Over the past few days, I have had the privilege of being involved in 2 conferences which dealt with mental wellness, psychological safety, culture and leadership, and these have caused me to reflect.
What I’m about to talk about is an uncomfortable topic and if it causes anyone distress then I apologise and would urge you to seek out someone to talk to.
I’m middle aged, middle-class, white and male, so this puts me in a position great privilege and advantage, one where I have not had direct experience of this so I can only talk to this from a second-person but deeply personal level, if you know me well enough you’ll know what I’m referring to…
Sexual harassment is ugly, and it is almost always perpetrated by men in positions of power against women – the studies are apparently that 1 in 2 women are targeted in this way although that number might one day prove to be a low estimation; and I’m using the word targeted deliberately as it was pointed out yesterday that most who suffer this don’t wish to be known as victims. And in the conference on Friday there was a robust conversation around this subject and some incredibly brave, very senior, and very successful women took the mic and shared their stories of sexual abuse and harassment – stories no one else in the room knew – that sort of bravery cannot go unacknowledged or ignored; to each of you, thank you.
Those stories and one particular 6 minute speech from Tuesday have made me reflect on my conduct over my adult life and wonder how many times I in some way have also been one of the men who have caused a level of discomfort of whatever scale to the women with whom I have interacted but have not been called to account on through fear or resignation that I was just like every other man – and before anyone says “oh, I’m not one of those guys” or “yeah, that doesn’t happen in our office” let me say yes, you are and yes, it does – even if you don’t believe that you have touched someone inappropriately and caused someone discomfort by a look or an expression, or the telling of a sexist joke, you’ve either ignored that behaviour from someone else or been blind to it; so we’re all responsible.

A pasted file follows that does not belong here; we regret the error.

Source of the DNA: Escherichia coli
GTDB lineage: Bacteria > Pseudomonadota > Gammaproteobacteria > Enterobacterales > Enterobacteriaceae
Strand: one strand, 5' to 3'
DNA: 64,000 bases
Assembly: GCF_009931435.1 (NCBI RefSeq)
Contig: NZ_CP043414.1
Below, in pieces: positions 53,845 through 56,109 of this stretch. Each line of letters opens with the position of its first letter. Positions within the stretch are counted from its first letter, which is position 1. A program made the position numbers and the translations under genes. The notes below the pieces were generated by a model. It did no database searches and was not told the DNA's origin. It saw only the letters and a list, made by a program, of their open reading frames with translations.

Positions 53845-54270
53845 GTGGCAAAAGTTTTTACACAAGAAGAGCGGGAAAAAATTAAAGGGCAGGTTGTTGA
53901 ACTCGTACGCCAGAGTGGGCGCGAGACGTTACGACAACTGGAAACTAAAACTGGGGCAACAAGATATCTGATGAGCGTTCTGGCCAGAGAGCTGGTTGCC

It’s time for change; in fact, it’s past time. We are all children of mothers, most of us ether have sisters, daughters, wives or partners or ex-partners to whom this pattern of conduct has been displayed, yet we don’t get told about it, or we don’t find out until it’s too late.
We need to have a conversation on how this appalling behaviour can be prevented – the women to whom this has happened deserve this, and so do all women because what became clear to me is that they too have a fear that they’ll be the next target of someone who feels that it’s their right to show such disrespect.
I took hope out of our conversations yesterday, hope that as the leaders of our industry, we have undertaken to change the conversation, to take it away from one which is on the fringe and put it in the light of our businesses – there was a resounding commitment that the threat of this should be removed from the industry. We have created a charter, a commitment that it’s time to recognise the diversity of our community and to ensure the psychological safety of all of us, and while the subject of sexual harassment should not be the only thing that we undertake to address it’s nonetheless a vital part of an enduring conversation.
Change of entrenched behaviours are never easy or quick, but they can be accomplished where the will exists, so I’m going to close with this quote from the opening session of Tuesday’s conference…
“Be proud of what you do, and only do what you can be proud of”